We examine two sources of productivity improvements in localized industrial clusters of the silk-reeling industry in prewar Japan. Agglomeration improves the productivity of each plant through positive externalities which shift plant-level productivity distribution to the right. Selection expels less productive plants through competition, which truncates the distribution on the left. We find evidence of agglomeration effects that benefit less productive plants and selection effects in clusters. Here, a cluster is defined by the density of own-industry plants within an area. The results complement previous studies that find positive agglomeration effects in the most productive firms, but no selection effects in cities (Combes et al., 2012; Accetturo et al., 2011). Our results suggest that the sources of productivity improvements in localized industrial clusters might be different from those in cities.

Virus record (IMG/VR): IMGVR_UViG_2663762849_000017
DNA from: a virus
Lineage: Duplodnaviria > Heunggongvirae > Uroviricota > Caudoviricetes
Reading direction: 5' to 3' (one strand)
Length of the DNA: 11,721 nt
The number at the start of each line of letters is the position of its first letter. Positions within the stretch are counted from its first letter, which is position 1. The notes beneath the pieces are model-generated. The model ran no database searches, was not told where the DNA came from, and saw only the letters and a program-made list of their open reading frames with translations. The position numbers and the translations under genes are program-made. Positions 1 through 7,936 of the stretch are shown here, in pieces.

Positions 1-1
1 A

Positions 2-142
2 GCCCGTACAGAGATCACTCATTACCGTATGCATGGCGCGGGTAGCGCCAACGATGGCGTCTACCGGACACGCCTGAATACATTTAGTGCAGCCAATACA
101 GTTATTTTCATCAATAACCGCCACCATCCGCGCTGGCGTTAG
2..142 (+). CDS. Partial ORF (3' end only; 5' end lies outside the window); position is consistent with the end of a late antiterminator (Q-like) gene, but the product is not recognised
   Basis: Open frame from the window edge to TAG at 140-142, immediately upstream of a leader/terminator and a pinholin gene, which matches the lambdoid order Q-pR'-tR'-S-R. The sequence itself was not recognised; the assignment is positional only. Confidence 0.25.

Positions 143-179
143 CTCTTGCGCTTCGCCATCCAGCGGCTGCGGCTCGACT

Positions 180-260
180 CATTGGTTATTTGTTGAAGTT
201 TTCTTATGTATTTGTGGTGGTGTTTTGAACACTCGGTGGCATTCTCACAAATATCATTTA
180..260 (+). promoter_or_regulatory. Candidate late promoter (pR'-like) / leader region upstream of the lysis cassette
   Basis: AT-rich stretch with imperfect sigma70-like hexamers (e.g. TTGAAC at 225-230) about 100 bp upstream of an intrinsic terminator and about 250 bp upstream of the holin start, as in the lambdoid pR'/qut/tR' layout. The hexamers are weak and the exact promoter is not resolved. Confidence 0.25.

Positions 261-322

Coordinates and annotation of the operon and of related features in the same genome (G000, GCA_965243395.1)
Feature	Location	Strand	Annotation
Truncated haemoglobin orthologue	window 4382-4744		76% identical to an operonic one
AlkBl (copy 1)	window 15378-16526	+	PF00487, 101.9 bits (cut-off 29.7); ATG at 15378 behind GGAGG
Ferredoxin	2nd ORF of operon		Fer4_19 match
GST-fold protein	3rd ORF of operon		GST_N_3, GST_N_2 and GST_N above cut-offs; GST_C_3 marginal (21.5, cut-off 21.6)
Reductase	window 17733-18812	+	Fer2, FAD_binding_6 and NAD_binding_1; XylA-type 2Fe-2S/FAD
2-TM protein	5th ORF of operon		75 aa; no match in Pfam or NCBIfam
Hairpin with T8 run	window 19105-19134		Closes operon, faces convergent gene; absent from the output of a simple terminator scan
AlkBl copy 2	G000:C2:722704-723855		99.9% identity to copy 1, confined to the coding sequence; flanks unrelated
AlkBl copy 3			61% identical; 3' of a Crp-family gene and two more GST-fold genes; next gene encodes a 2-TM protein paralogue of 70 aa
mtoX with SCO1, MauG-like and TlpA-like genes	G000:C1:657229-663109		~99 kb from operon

|Number of pages||15|
|Journal||Regional Science and Urban Economics|
|Publication status||Published - 2014 May|
- Heterogeneous firms
ASJC Scopus subject areas
- Economics and Econometrics
- Urban Studies